American government-backed Voice of America (VOA) reporter Marthe Van Der Wolf was arrested by Ethiopia’s police and taken to a police station. where she was questioned about her interviews and told to delete them.
According to the Committee to Protect Journalists (CPJ), the reporter was then released without being charged, but it highlights the growing concern over media workers in the East African country.
It also came as hundreds of Muslims in the country protested at the capital’s Anwar Mosque over what they argued was government interference in local Islamic Council elections, which are to take place on Sunday.
The New York based press freedom group called on the Ethiopian government and police “to stop their harassment of journalists covering Muslim related issues and intimidation against citizens who give interview to reporters about sensitive religious, ethnic, and political issues.
“We urge the government’s leadership to set a new tone of tolerance and halt the bullying tactics of the past,” said CPJ East Africa Consultant Tom Rhodes.
“Citizens should be allowed to voice their opinions to journalists without fearing arrest or intimidation, and reporters should be allowed to cover even those events the government dislikes.”
Former VOA correspondent Peter Heinlein was similarly detained last May, while he was covering Muslim protest. He was then accused of “illegal reporting.”
Following the latest incident, VOA released a statement condemning the harassment and obstruction and said the incident was “designed to prevent journalists from doing their job.”
Although Ethiopia state television continues to brand Muslim protesters in the country as aberrations and a “fringe movement,” Muslims in the country took to the streets in front of the mosque to demand religious freedom.
“We just want our voices to be heard and to have a say in the great future for Ethiopia,” one protester told Bikyamasr.com.
Last summer, after police attacked mosques in the country in an attempt to stifle the Muslim voices in the country and push the state-run Islamic identity, which has been largely decried by Ethiopia’s Muslim community.
Hundreds of thousands flocked to the Addis Ababa Stadium to celebrate the end of Ramadan, and large protests were reported across the country, Opride.com said.
The Eid day protests catapulted the movement into a new and uncharted territory.
“Sunday’s Eid prayer proved to be a day of reckoning,” wrote Dimsachen Yisema, the protesters de facto spokesperson, in comments published by Opride.com, hinting at the specter of the Arab Spring that toppled several undemocratic regimes.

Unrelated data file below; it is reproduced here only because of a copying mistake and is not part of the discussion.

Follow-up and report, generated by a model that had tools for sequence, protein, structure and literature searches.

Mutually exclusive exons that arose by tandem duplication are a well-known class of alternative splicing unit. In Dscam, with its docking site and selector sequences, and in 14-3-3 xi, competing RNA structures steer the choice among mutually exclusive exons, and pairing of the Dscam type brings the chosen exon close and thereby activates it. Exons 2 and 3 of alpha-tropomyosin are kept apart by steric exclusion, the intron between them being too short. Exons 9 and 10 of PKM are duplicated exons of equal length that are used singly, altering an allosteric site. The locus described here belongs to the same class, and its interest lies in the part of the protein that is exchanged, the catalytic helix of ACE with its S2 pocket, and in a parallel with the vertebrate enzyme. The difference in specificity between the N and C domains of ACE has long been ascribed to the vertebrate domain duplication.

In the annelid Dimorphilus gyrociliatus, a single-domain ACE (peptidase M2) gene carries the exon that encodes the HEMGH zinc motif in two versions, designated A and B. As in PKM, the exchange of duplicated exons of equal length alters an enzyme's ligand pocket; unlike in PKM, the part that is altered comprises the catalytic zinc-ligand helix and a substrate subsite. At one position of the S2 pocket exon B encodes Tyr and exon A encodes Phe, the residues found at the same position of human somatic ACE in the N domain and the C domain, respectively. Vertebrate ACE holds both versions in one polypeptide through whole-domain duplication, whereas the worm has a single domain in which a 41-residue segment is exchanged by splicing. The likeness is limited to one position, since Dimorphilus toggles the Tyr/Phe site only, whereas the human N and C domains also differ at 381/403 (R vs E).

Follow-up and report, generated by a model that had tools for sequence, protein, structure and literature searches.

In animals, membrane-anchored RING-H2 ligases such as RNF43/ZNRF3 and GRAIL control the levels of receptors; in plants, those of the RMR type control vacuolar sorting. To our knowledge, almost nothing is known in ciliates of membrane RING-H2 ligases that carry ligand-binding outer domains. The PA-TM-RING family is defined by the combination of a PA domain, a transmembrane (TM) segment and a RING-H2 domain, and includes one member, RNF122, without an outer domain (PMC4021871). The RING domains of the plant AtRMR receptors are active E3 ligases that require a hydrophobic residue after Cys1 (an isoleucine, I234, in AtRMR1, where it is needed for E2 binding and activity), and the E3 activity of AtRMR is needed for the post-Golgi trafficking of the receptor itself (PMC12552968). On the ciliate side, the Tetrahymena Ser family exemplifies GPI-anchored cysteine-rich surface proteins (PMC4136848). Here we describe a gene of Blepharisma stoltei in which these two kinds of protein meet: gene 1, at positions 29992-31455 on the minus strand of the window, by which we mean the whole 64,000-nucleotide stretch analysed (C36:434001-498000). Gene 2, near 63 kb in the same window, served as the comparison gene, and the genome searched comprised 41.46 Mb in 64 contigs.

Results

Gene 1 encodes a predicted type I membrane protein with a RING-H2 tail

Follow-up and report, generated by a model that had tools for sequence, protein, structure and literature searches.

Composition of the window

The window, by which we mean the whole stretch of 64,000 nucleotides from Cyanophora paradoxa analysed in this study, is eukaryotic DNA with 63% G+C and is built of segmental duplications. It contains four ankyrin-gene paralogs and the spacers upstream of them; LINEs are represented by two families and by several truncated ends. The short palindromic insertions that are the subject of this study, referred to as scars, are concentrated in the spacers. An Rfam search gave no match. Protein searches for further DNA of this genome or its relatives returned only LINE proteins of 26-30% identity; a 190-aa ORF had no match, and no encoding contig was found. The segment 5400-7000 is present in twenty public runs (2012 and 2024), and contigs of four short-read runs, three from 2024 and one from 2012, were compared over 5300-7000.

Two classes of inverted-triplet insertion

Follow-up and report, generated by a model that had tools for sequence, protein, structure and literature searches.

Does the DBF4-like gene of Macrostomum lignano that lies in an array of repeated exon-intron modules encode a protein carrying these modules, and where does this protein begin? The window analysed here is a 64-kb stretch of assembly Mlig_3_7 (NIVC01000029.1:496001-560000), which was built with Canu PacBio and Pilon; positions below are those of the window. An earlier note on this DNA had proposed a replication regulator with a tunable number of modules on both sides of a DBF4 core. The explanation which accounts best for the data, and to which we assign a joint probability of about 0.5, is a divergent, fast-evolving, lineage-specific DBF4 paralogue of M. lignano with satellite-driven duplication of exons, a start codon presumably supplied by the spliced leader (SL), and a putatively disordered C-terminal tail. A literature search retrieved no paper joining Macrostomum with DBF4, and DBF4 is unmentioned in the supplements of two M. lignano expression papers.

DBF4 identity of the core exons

“All [the protesters] share the grievances caused by the government’s unconstitutional interference in their religious affairs, and to demand their voices to be heard.”
The same news report said large numbers of protesters had poured onto the streets in Jimma, Dessie, Robe and Adama towns’ chanting, “let our voices be heard, free our representatives” and calling out the state-run Ethiopian television for its smear campaigns.
The Muslim community has also pushed for unity between Christians and animists in the country in recent months, urging all Ethiopians to come together for change in the country.
A group of Ethiopian Muslim student activists and their Christian friends have lashed out repeatedly at international media coverage of alleged friction between the two religious groups in the East African country.
They told Bikyamasr.com earlier this month that “the only turmoil between Christians and Muslims is what the media is making out of the events here.”
They said that recent crackdowns on Muslims in the country are the result of “ongoing government oppression and should not be seen as a sign of sectarian divides in the country.”
One of the Christians, Maria, argued that “the media want to show our Muslim sisters and brothers as antagonistic toward Christians, but the reality is that we are all battling the government and its violence against all Ethiopians.”
Tensions reached their peak on July 13, when the government raided a gathering at the Awalia Mosque in Addis Ababa, where government officials said Muslim leaders were planning further protests.